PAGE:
I dissent. The Majority opinion concedes, as it must, that the threshold to trigger a trial judge's need to refer a criminal defendant for a mental competency evaluation is a low hurdle. Maj. slip op. at 12, citing Roberts v. State, 361 Md. 346, 365 n. 14, 761 A.2d 885, 895 n. 14 (2000) (“ ‘[A]n extensive proffer is not necessary—indeed, a defendant merely needs to ․ allege incompetence in order to trigger the need for a competency evaluation.’ ”). That notwithstanding, the Majority faults Kennedy's defense counsel for not making his request known to the court with sufficient clarity. Maj. slip op. at 8. Although specificity is to be desired generally in gleaning a record to ascertain what relief (if any) a lawyer seeks for his or her client, I arrive at the view of this case that Kennedy's lawyer's efforts were sufficient to have put the trial judge on notice that Kennedy's mental competency was questioned and that the court should have understood that an evaluation of same was sought or, at a minimum, clarification was needed to understand better what Kennedy's lawyer wanted done. Looked at as a totality of circumstances, Kennedy's lawyer made the following points to the trial court:

• Kennedy refused (without reason) to meet with his lawyer on occasion.

• Kennedy refused (without reason) to attend court on one occasion.

• There were continuous communication impediments (apparently not of a foreign language barrier type) to Kennedy appearing to understand what his lawyer was saying to him.

• “There is something wrong with him [Kennedy].”

• “I [Kennedy's lawyer] haven't been able to talk [effectively] to him about the case.”

• I would just ask the Court ․ have him evaluated.”

Of course, much of the above was commingled with talk of a possible mistrial over the shoving incident in the courtroom. Nonetheless, it strikes me that it is not unreasonable for a judge to separate into compartments the two different concepts—a mistrial sought because of the courtroom shoving incident and the strongly-implied (at the least) request for a mental competency evaluation. To ignore the latter is merely to stick one's head in the sand beyond one's ears.

I would reverse the judgment and remand for further proceedings, to include a referral for mental competency evaluation of Kennedy.

Judge Battaglia authorizes me to state that she joins the views expressed in this opinion.

FOOTNOTES

1.  This statute was formerly Md.Code (1982, 1987 Cum.Supp.), § 12–103 of the Health–General Article, and some cited cases, including Roberts v. State, 361 Md. 346, 761 A.2d 885 (2000), interpret that prior codification. No substantive changes were made when the statute was recodified as § 3–104(a).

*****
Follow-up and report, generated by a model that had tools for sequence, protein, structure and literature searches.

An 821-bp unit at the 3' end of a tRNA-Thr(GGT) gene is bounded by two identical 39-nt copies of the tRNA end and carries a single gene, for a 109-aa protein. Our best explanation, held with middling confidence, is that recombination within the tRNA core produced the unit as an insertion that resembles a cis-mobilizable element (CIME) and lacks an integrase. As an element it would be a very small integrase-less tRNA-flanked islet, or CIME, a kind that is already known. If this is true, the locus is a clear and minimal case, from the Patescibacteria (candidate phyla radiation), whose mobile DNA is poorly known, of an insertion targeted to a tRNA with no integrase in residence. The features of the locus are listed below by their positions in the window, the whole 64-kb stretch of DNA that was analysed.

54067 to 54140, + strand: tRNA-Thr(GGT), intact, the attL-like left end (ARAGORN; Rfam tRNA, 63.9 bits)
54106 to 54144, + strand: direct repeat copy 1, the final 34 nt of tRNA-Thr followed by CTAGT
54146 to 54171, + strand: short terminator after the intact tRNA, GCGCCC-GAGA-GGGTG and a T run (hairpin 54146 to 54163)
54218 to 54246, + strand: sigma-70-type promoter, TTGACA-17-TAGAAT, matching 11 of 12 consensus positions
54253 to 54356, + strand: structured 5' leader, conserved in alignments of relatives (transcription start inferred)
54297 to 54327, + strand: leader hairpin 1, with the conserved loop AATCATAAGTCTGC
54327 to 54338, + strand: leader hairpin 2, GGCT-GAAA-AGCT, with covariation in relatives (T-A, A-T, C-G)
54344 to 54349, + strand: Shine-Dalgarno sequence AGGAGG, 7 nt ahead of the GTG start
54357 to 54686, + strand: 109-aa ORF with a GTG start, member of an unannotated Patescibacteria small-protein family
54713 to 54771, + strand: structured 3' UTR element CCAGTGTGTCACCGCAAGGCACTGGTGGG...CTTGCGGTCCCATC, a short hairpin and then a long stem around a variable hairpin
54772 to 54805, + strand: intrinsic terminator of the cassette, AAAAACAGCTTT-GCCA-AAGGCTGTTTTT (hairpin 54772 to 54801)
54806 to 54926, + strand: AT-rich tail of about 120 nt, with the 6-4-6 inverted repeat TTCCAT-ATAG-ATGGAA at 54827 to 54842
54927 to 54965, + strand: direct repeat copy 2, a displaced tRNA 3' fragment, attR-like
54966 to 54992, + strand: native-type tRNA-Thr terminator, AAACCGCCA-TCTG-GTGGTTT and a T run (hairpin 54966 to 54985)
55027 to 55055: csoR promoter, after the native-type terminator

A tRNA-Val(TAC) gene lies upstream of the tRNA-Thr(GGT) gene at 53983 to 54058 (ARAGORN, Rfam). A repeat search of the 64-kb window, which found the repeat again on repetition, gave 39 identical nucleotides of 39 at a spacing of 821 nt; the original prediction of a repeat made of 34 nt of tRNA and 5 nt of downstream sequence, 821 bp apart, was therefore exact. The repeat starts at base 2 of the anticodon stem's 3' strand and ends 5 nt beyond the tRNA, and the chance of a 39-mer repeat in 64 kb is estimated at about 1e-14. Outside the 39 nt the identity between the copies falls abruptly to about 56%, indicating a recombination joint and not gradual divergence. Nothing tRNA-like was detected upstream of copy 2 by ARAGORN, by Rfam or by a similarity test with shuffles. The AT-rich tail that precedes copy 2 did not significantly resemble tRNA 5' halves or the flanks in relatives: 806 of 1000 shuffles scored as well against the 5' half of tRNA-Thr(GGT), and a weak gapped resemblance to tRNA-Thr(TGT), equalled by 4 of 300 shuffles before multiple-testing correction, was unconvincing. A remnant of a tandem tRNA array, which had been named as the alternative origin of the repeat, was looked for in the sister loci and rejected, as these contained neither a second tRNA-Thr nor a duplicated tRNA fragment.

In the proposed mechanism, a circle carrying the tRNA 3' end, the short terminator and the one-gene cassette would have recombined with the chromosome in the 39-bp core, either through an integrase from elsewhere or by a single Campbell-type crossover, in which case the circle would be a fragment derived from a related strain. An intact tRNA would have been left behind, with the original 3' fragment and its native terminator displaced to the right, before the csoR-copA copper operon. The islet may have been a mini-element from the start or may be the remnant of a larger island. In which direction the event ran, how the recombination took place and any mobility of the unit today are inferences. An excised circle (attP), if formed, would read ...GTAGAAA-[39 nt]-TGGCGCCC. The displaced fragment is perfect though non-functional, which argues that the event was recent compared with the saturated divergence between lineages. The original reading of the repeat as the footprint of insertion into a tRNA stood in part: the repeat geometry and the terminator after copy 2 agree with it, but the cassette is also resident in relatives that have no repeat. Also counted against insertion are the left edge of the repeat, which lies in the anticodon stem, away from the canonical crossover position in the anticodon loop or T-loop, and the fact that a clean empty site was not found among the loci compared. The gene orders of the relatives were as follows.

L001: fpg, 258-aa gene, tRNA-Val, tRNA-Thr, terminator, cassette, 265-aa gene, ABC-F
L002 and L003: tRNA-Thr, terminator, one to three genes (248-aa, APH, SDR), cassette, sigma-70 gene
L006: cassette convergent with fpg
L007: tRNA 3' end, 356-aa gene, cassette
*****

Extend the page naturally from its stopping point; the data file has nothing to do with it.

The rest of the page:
2.  Petitioner's counsel conceded at oral argument that the trial judge did not have a duty to raise the issue of competency sua sponte.

3.  Although Petitioner does not designate his argument as such, we believe this label is appropriate because Petitioner calls for this Court to consider statements made throughout the four-day trial to support the assertion that defense counsel made a proper request for a competency evaluation under § 3–104(a).

4.  A trial judge has a duty to raise the issue of a defendant's competency sua sponte if he or she has a bona fide doubt that the defendant is competent to stand trial. Because “[e]vidence relevant in determining whether there exists a bona fide doubt as to an accused's competence [ ] includes evidence of a defendant's irrational behavior, his demeanor at trial, and any prior medical opinion on competence to stand trial [,]” Wood v. State, 436 Md. 276, 291, 81 A.3d 427, 436 (2013) (quotations and citations omitted), would be relevant under a totality of the circumstances analysis.

5.  We believe that the method for making a request for a competency determination is analogous to the method for making objections to rulings or orders during a criminal trial. The proper method for making objections is prescribed by Md. Rule 4–323(c), which states in pertinent part that “it is sufficient that a party, at the time the ruling or order is made or sought, makes known to the court the action that the party desires the court to take or the objection to the action of the court.” In the present case, defense counsel's “request” for an evaluation did not specifically make known the action defense counsel desired the court to make. Moreover, all the statements made by defense counsel prior to his vague request to “have him evaluated” did not occur at the time the request was sought. Because all but one of the statements made by defense counsel were not made at the time the ruling was sought, and because defense counsel did not make it known the action he desired the court to take, defense counsel's request was not sufficiently clear when analogized to the proper method for making an objection to a ruling or order.

6.  Respondent posits that despite this Court's holding in Wood, 436 Md. 276, 81 A.3d 427, an implicit finding of competency by the trial judge is acceptable in this situation if we conclude that § 3–104(a) was triggered. This is an incorrect reading of Wood. To reemphasize our conclusion in Wood, on review we do not take into consideration whether a judge made an implicit determination as to a defendant's competency once § 3–104(a) has been triggered. Once § 3–104(a) has been triggered, either upon motion of defendant, defense counsel, or because the trial judge has a bona fide doubt as to the defendant's competency, it is the trial judge's duty to “determine, on evidence presented on the record, whether the defendant is incompetent to stand trial.”

GREENE, J.

HARRELL and BATTAGLIA, JJ., dissent.